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FDA Forming Consortium to Study Gene Biomarkers Linked to Serious Adverse Events

NEW YORK (GenomeWeb News) — The US Food and Drug Administration is creating a consortium with members of the pharmaceutical industry and academia that aims to observe how genetic biomarkers contribute to serious adverse events, according to an NIH report and people familiar with the project.
 
The FDA’s decision to form the initiative, called the Serious Adverse Events Consortium, comes at a time when a chorus of critics increasingly blames the agency for not doing enough to ensure the safety of marketed drugs.
 
But at least one official from a big pharma company believes the consortium will have little effect on tracking and avoiding SAEs, and said his company decided not to join the group because its goal “is not only daunting but unlikely.”
 
It is not immediately clear when the agency plans to unveil the consortium, which would be part of the Office of Critical Path Programs, or what industry or academic members will participate in it. According to Nadine Cohen, head of pharmacogenetics at Johnson & Johnson Pharmaceutical Researchand Development, the initiative is in a “very preliminary” stage.
 
Cohen said she is familiar with the consortium but would not say whether her company plans to join it. However, Johnson & Johnson could be on the short list because it believes genetic biomarkers can play a role in identifying and mitigating adverse events.
 
In drug discovery, we are … constantly looking for markers of efficacy and safety as part of our duediligence research and development," Cohen was quoted as saying in a British Medical Journal article in March.
 
At least one pharma official isn’t convinced that the consortium will succeed. “The notion is that we will find a genomic marker that will predict” who will suffer an SAE, according to the official, who asked to remain anonymous because he is not part of the group. “The problem is that it will take thousands and thousands of patients to screen in order to validate a particular marker.”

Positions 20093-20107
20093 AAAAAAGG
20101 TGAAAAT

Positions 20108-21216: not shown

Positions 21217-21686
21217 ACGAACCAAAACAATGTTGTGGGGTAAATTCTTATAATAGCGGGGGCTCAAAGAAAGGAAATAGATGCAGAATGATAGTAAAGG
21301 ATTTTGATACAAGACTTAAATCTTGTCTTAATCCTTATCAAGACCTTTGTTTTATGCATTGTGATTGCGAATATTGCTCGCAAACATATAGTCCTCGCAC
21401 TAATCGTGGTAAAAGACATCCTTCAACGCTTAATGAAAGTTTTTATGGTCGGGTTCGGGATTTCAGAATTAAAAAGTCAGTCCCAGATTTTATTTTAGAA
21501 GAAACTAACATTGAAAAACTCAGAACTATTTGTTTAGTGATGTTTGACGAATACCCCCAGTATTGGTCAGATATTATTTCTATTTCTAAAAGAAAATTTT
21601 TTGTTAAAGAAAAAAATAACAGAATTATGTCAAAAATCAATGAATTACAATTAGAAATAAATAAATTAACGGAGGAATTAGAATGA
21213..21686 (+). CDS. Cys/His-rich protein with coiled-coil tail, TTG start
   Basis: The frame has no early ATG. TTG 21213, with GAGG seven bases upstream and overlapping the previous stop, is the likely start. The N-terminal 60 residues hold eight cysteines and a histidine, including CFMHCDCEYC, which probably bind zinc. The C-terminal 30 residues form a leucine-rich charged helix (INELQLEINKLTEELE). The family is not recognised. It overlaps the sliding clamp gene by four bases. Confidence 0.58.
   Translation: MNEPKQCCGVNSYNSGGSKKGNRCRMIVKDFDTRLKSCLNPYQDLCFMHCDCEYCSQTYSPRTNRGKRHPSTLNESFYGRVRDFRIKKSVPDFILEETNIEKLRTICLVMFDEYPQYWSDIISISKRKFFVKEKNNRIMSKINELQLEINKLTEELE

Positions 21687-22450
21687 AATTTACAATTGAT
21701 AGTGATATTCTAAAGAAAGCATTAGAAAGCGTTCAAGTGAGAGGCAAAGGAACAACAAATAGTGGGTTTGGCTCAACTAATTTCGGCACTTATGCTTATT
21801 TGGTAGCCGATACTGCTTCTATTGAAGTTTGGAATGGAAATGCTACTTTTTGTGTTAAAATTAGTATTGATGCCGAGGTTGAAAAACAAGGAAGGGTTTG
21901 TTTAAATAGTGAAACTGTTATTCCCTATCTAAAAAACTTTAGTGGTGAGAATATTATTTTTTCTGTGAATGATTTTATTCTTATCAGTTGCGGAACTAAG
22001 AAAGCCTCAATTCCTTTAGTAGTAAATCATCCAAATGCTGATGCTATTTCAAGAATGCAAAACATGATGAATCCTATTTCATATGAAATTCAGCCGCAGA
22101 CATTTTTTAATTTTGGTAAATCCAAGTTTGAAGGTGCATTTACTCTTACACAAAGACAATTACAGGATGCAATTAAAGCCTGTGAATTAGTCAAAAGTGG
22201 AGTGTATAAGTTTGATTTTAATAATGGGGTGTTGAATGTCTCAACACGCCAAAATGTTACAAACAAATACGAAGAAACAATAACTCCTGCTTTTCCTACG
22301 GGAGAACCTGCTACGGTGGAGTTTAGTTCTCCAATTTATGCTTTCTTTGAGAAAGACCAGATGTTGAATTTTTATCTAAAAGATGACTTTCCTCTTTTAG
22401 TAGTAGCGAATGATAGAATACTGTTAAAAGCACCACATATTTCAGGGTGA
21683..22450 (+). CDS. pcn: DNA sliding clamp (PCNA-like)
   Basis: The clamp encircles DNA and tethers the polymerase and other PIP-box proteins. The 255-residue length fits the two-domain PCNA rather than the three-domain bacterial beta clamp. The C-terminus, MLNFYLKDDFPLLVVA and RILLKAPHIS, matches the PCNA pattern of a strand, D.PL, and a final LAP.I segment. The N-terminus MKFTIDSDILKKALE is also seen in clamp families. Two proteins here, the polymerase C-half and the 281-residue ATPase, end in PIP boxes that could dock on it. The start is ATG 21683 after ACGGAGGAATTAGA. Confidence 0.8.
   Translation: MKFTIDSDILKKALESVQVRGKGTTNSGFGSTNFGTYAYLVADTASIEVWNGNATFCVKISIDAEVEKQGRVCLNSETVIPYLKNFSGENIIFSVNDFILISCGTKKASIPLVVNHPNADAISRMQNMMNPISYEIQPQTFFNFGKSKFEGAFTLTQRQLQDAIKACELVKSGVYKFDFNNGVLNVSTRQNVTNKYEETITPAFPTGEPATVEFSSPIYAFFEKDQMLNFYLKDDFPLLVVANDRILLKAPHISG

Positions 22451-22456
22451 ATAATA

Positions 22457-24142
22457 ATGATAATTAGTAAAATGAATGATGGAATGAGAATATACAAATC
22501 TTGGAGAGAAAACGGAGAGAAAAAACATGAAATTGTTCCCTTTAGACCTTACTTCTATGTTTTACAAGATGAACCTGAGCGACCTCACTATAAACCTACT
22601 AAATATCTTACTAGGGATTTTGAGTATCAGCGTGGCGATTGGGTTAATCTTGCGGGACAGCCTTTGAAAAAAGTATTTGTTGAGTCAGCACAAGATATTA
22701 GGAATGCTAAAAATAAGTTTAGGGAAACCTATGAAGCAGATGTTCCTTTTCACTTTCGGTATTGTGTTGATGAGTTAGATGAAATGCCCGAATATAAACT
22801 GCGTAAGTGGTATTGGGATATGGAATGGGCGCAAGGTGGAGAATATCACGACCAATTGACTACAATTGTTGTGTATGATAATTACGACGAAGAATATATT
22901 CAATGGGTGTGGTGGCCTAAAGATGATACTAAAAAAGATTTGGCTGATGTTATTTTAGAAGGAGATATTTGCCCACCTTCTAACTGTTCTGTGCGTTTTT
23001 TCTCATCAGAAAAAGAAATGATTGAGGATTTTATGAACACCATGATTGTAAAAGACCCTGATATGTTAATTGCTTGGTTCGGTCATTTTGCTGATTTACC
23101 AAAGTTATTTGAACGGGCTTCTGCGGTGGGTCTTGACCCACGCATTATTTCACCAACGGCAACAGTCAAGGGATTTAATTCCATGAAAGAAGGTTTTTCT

This official said SAEs, which include hepatotoxicity, rabdomyalysis, and QT prolongation, among others, typically occur in less than one in 1,000 patients and are “inherently unpredictable either by pre-clinical or clinical development. “And because of the rarity of the event, the prospect of doing that is not only daunting but unlikely,” the official said. “People just haven’t done the math.”
 
This official said his company decided not to participate in the consortium for these reasons.
 
According to the official, the FDA is attracted to the consortium because “they need to be more aggressive in signal detection, in getting these [SAE] reports in and figuring out what’s happening” so they can determine what steps to take.
 
The official said the agency is becoming “more and more conservative” to the point where “if you have one, two, three cases of severe hepatotoxicity out of millions who have been treated, [then] you’re getting a Black Box warning.”
 
The official said hepatotoxicity has been “the single-most common reason to pull a drug off the market.”
 
The Serious Adverse Events Consortium isn’t the only federal initiative aimed at improving drug safety. The Critical Path is also linking the Association of Clinical Research Organizations with the Clinical Data Interchange Standards Consortium to form the Clinical Data Acquisition Standards Harmonization project. This new group would be charged with “developing sample case report forms for reporting adverse events,” according to a National Institutes of Health summary of a Roadmap steering committee meeting that took place last December.
 
According to the summary, the Office of Critical Path Programs, which will oversee the Serious Adverse Events Consortium, directs other similar initiatives. The summary said the office is a “cross-cutting coordination and harmonization [center] of all the centers within the FDA. Areas of focus in this effort are bioinformatics and data standards, biomarkers, establishing public-private partnerships, and developing guidance and regulations.”
 
Rachel Behrman, director of the Office of Critical Path Programs, spoke at the steering committee meeting. According to the meeting summary, she said other alliances under its aegis include the ECG Warehouse, which is a partnership between the FDA and electrocardiography product maker Mortara Instruments; the Oncology Biomarker Qualification Initiative, which pairs the FDA with the National Cancer Institute and the Centers for Medicaid and Medicare Services; the Biomarker Consortium, which brings together the FDA, the NIH, the Pharmaceutical Research and Manufacturers of America; and a Memorandum of Understanding between the FDA and NCI to create the Federal Investigator Registry of Biomedical Information Research Data, or FIREBIRD, “which will enable clinical investigators, NCI, FDA, and industry entities sponsoring clinical trials of investigational drugs to manage clinical investigator information electronically in a fully secure manner," according to the MOU.
 
Behrman did not respond to multiple telephone calls seeking comment for this article. An FDA spokesperson was not immediately able to respond.